) it was held that "it would not have been proper for the trial judge to have charged without qualification that a duty devolved upon the plaintiff of exercising ordinary care." In Atlantic C. L. R. Co. v. Burkett, 192 F2d 941, 944, the court affirmed the action of the trial judge in refusing a request to the effect that both the plaintiff employee and the defendant employer are required to exercise ordinary care in view of all the circumstances, and that negligence on the part of either would be the failure to exercise reasonable or ordinary care. We will not enter into a precise analysis of the three cases because none of them is factually identical so as to be controlling. In each case the danger is, on the one hand, that the court by saying too much will open the door to the jury to reinstate the obliterated assumption of risk doctrine under another name; on the other hand, by not saying enough, the court may communicate the notion that the defendant railroad is an insurer of the safety of the employee, which it is not. In Georgia law (see cases annotated under Code 105-603) the words "ordinary care for his own safety" have, as to the plaintiff, become almost words of art, and they cannot be applied to a F. E. L. A. case without raising the necessity for a fuller discussion of assumption of risk, its modification in these circumstances, and the further modification of the contributory negligence doctrine. We do not say that it would have been error in this case to have instructed the jury exactly as requested. Neither can we say it was harmful to omit the instruction where the court clearly and simply covered the central issue--that the jury must determine whether causal negligence existed on the part of either litigant, and, if both, that the plaintiff is entitled to recover that proportion which the defendant's negligence bears to the whole. Where assumption of risk obtains the whole burden of exercising care for the safety of the employee is cast upon him. Where, as here, the doctrine is not available as a defense, the jury may find the employee's failure to avoid the risk is 99% his own fault and still award him 1% damages, although a jury would usually not think of this as being "just such care as an ordinarily prudent person would exercise." Therefore, failure to give the request did not constitute reversible error.
The same ruling applies to that part of the defendant's 4th request which was omitted, as it added little or nothing to the statement that the plaintiff cannot recover for negligence not proven.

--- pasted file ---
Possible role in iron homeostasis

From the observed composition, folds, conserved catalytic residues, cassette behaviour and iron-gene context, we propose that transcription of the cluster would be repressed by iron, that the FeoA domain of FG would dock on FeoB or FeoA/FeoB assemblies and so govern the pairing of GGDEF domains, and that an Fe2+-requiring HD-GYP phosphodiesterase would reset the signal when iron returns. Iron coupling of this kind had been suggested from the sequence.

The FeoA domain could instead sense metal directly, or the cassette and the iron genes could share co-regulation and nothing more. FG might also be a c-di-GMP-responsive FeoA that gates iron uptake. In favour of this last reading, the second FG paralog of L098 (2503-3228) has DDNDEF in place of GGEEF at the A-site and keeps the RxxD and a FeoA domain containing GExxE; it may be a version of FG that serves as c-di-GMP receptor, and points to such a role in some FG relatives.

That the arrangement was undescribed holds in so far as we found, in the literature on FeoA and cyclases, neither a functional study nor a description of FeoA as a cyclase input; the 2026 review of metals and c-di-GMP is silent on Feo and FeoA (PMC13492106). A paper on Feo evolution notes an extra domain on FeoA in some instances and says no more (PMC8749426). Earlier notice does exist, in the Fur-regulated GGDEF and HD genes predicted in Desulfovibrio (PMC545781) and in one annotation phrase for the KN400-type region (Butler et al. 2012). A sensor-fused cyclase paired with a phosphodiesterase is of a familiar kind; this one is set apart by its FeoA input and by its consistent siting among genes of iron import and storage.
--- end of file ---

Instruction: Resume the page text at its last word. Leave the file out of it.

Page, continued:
2. If the trial court erred in charging: "There is a distinction between the term contributory negligence and the term assumption of risk" without going further and defining the difference, the fault lies with the appellant, which requested the charge as given. Another request to charge which defined the two concepts in almost identical language was properly refused.
3. Objection is made to the refusal to allow two documents in evidence over objection, both showing that the employee had a prior 10% disability rating based on a service-connected back injury, which statement the employee had submitted in connection with his application for employment with the railroad. In a similar case, Caughman v. Washington Terminal Co., 345 F2d 434 (2), it was held that evidence of disability payments from another source was inadmissible in a F. E. L. A. suit. To the same effect see Eichel v. N. Y. Central R. Co., 375 U. S. 253 (84 SC 316, 11 LE2d 307); Wilson v. Garrett, 92 Ga. App. 820 (1) (90 SE2d 74)
. And, since the medical witnesses' testimony was properly concerned with the condition of the plaintiff following the accident, and not with the apportioning of disability as between a former and a subsequent accident, it was immaterial that they had no knowledge of the Army disability rating. Whatever the condition of the plaintiff at the time he was hired, it was such as to allow him to do the job and receive the wages which he was making at the time of this injury, and these are the facts upon which liability and damages must be predicated. It was not error to exclude the documents.
4. The plaintiff testified to his gross annual salary and the amount of wages he had lost between the date of the injury and the trial. On objection the trial court refused to allow cross examination for the purpose of determining the plaintiff's income tax, retirement withholding and take-home pay on this figure.
In Atlantic C. L. R. Co. v. Brown, 93 Ga. App. 805 (92 SE2d 874)